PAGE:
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Commentary: Ouster of US House Speaker Kevin McCarthy highlights deeper dysfunction in the Republican Party

SAN ANTONIO, Texas: In a historic vote, US House Speaker Kevin McCarthy was ousted from his leadership position on Tuesday (Oct 3) by a small group of radical members of his own party, led by Representative Matt Gaetz of Florida.

The Republican conference has been plagued with dysfunction for a while now. Still, the vote was a stunning display of just how broken and dysfunctional the system has become.

Other House speakers have been pushed out, and Republican Speaker John Boehner retired while facing a threat of being ousted. But this is the first time a sitting speaker has been removed by a vote.

Gaetz exercised a little-known procedure that hadn’t been used in more than one hundred years to push a vote to “vacate” the speaker’s chair. When it was over, eight Republicans and every Democrat had voted to remove McCarthy.

Under procedures established after 9/11 to ensure continuity of government, an acting speaker pro tempore was appointed from a list McCarthy had previously drawn up. Representative Patrick McHenry of North Carolina, a McCarthy ally who spoke fiercely in his defence during Tuesday’s debate, will serve in that job until a new speaker is elected.

It’s unclear when that vote might happen. At a closed-door meeting Tuesday night, McCarthy told fellow Republicans that he will not run again.

While the vote showed he had the support of the vast majority of the conference, it’s difficult to see how he would have mounted a comeback. It took a tortuous 15 ballots for him to win the job back in January due to the same group of extreme Republicans who voted for his ouster, and the party might be ready to move on.

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SPEAKER FIGHT IS JUST A SIDESHOW

The last time there was an attempt to remove a speaker was 1910, when Republicans tried to oust Speaker Joseph Cannon of Illinois. They were unsuccessful, but the intra-party fighting and divisions probably contributed to a Democratic takeover.

For all of the history and importance of Tuesday’s events, it’s also true that the Speaker fight is in many ways a sideshow, an even more dysfunctional attempt by a handful of Republicans to use a quirk in House rules to defy the overwhelming bulk of their conference who were satisfied with McCarthy’s leadership (or, are at least willing to vote to keep him as speaker).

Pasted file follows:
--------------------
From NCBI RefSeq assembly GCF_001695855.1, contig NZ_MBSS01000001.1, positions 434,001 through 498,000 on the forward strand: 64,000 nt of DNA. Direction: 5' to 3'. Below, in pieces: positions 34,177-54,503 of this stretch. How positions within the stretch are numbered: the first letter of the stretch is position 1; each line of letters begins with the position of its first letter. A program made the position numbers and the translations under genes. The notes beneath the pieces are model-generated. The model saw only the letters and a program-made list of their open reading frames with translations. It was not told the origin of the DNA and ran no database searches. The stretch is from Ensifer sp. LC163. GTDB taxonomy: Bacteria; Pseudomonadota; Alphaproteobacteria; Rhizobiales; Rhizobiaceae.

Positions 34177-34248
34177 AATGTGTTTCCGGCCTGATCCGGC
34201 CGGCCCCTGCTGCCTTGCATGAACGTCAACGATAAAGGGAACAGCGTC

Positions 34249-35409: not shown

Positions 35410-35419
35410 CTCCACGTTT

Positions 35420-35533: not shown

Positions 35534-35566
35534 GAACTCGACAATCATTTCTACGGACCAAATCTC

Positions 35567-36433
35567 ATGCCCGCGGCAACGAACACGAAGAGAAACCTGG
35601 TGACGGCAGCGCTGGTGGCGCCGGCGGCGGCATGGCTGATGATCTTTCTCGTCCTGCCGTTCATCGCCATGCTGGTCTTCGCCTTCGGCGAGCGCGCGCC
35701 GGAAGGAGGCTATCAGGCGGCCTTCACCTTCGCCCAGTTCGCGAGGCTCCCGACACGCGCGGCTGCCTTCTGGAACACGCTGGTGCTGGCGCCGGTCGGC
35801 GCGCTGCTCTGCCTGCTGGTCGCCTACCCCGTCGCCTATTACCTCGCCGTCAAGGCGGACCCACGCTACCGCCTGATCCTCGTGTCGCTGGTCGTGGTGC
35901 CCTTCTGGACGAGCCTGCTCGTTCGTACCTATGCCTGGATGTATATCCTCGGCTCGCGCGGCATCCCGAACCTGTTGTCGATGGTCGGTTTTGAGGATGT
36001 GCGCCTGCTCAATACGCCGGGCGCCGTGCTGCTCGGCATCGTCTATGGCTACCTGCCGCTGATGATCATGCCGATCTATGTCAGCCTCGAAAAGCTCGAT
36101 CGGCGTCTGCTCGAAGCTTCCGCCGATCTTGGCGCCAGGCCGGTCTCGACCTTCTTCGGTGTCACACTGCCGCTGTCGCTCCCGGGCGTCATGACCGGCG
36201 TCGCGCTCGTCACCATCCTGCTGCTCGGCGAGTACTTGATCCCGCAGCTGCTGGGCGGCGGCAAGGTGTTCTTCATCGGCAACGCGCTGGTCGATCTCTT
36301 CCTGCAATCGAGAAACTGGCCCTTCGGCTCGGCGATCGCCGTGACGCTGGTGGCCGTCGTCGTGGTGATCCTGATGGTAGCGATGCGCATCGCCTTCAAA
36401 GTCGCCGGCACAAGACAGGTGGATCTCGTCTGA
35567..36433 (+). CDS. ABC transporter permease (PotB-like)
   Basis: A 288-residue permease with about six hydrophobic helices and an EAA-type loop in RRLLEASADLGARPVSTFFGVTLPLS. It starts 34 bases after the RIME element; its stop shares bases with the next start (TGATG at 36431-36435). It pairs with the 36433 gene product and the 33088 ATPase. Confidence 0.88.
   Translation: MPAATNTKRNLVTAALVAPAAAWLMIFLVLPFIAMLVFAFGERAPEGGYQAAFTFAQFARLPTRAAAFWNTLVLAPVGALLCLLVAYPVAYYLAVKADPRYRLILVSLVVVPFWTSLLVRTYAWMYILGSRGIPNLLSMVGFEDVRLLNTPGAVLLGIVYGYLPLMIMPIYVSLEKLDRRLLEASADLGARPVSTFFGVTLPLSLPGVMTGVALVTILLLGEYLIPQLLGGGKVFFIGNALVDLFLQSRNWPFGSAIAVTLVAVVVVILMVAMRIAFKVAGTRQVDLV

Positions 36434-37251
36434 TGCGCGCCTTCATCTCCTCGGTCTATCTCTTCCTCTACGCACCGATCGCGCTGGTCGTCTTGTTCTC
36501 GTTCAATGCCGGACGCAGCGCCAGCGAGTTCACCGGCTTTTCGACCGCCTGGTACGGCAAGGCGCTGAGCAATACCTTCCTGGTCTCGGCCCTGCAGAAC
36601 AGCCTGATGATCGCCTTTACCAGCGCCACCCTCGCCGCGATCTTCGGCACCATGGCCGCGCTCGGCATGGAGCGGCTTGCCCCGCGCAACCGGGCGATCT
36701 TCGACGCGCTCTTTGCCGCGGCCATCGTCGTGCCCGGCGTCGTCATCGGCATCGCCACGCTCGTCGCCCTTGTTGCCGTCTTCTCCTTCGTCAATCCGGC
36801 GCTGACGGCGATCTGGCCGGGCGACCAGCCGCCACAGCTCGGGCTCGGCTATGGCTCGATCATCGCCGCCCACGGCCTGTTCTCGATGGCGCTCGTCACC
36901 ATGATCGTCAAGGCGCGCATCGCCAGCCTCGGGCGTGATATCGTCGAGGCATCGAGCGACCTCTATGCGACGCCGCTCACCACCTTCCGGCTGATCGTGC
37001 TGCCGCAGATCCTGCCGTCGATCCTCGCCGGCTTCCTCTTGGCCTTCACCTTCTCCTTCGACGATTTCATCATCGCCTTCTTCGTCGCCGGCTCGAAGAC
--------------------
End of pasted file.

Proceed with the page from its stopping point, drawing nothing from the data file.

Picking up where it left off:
The real story isn’t about Gaetz and McCarthy. It’s about some 50 or more radical Republicans – “radical” because they simply don’t believe in compromise and don’t accept that it’s needed to govern, even when their party holds only a slim majority in the House and must deal with a Democratic majority in the Senate and a Democrat in the White House.

And it’s about the remainder of the House Republicans who haven’t figured out a way to deal with the radicals within their own party. One of the concessions McCarthy made to these extremists to win the speakership also made it easier for them to call Tuesday’s vote.

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DYSFUNCTION IS GETTING WORSE

Observers have been calling House Republicans dysfunctional since before McCarthy was elected to Congress in 2006. And the dysfunction is getting worse, regardless of how the speaker fight plays out.

For example, while only a handful of Republicans joined Gaetz in trying to bring McCarthy down, 21 Republicans refused to vote for his ill-fated measure to keep the government running last week – and 90 of them voted against McCarthy’s last-minute successful attempt to avert a shutdown.

Perhaps symbolic of that is that while only eight Republicans ultimately voted against McCarthy, 11 voted against an earlier motion to kill Gaetz’s manoeuvre without a final vote. Normally, one would expect members to stick with their party on procedural votes. But not these Republicans.

Last week Republicans managed to bring an agriculture spending Bill to the House floor, but it failed badly. Even the spending Bills that they’ve managed to pass are still dead on arrival in the Senate and no House Republicans have a plan for reaching a deal because so many of them are suspicious of just the idea of cutting deals.

We don’t know who might replace McCarthy. Nor do we know how long this particular fight will last. What we do know is that the larger dysfunction in the House Republican conference will continue.

Kevin McCarthy has been ousted as US House Speaker. What's next for US politics? Listen:

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